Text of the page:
While “employees” have the right to form, join, or assist labor organizations under the National Labor Relations Act (NLRA), supervisors are not employees under the statute and do not have the same rights. Under current case law, “supervisor” is interpreted broadly and employees who merely assign duties to other employees on a daily basis are statutory supervisors under the Act. As expected and as we previewed in a prior posting, Senate Democrats recently announced new legislation that would narrow the definition of “supervisor” under the NLRA, increasing the number of workers eligible to join unions.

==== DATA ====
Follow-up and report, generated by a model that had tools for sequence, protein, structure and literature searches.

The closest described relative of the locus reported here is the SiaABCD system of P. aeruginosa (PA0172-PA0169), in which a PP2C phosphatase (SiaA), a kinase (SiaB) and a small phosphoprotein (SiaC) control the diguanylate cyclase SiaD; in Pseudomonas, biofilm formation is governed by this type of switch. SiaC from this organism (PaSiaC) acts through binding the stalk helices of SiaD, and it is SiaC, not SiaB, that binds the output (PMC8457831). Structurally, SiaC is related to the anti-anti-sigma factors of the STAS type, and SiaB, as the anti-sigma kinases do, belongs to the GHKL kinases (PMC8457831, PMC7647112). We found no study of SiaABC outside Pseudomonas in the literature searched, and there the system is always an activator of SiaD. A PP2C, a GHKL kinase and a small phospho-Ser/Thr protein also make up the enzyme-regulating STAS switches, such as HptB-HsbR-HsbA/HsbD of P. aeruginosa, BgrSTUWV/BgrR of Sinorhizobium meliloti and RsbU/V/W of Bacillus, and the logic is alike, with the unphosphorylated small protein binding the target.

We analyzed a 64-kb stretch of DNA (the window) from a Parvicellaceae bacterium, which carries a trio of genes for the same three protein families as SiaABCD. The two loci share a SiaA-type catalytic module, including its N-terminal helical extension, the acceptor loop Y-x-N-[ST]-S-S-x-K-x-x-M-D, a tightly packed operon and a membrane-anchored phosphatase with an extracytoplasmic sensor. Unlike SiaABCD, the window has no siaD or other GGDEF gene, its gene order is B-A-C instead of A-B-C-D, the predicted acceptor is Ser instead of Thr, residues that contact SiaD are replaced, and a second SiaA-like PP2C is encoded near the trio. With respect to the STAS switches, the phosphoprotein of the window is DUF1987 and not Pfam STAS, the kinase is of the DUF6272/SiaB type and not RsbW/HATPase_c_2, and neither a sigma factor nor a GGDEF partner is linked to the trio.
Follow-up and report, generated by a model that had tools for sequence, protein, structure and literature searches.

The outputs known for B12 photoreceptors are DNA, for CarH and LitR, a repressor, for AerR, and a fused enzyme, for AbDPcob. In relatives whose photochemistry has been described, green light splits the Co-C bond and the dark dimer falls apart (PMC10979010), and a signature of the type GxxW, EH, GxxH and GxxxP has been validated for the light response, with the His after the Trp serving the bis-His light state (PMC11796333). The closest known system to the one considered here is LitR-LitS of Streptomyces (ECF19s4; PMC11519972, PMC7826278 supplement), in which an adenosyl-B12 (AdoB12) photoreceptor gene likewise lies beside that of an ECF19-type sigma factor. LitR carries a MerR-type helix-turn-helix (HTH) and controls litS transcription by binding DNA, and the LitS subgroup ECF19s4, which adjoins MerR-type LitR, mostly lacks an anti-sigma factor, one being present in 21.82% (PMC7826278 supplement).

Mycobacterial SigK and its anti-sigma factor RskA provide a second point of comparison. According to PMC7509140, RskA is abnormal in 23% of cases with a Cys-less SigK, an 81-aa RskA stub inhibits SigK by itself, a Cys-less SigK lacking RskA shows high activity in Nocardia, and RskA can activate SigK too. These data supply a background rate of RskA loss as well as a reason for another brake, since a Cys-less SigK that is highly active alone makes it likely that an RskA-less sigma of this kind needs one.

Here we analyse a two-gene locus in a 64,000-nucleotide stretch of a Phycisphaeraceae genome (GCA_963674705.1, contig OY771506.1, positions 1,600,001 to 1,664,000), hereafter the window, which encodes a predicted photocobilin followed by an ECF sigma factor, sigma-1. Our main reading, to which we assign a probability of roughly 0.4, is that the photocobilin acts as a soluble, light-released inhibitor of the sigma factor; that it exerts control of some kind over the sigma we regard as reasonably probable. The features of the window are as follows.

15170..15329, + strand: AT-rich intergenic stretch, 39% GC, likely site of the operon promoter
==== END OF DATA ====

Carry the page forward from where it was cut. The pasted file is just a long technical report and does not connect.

President Obama’s recent recess appointments to the NLRB leave one Republican among three liberal Democrats. Should the opportunity present itself, the Board’s new composition will likely result in the overturning of two employer-friendly cases, Register Guard (email policy) and Oakwood Healthcare, Inc. (supervisory status). Overturning either of these cases may produce highly unfavorable results for employers. The Board already has such an opportunity in Register Guard. The D.C. Circuit recently remanded Register Guard for reconsideration on a limited basis, but the Board may seize the opportunity to reverse its initial holding.
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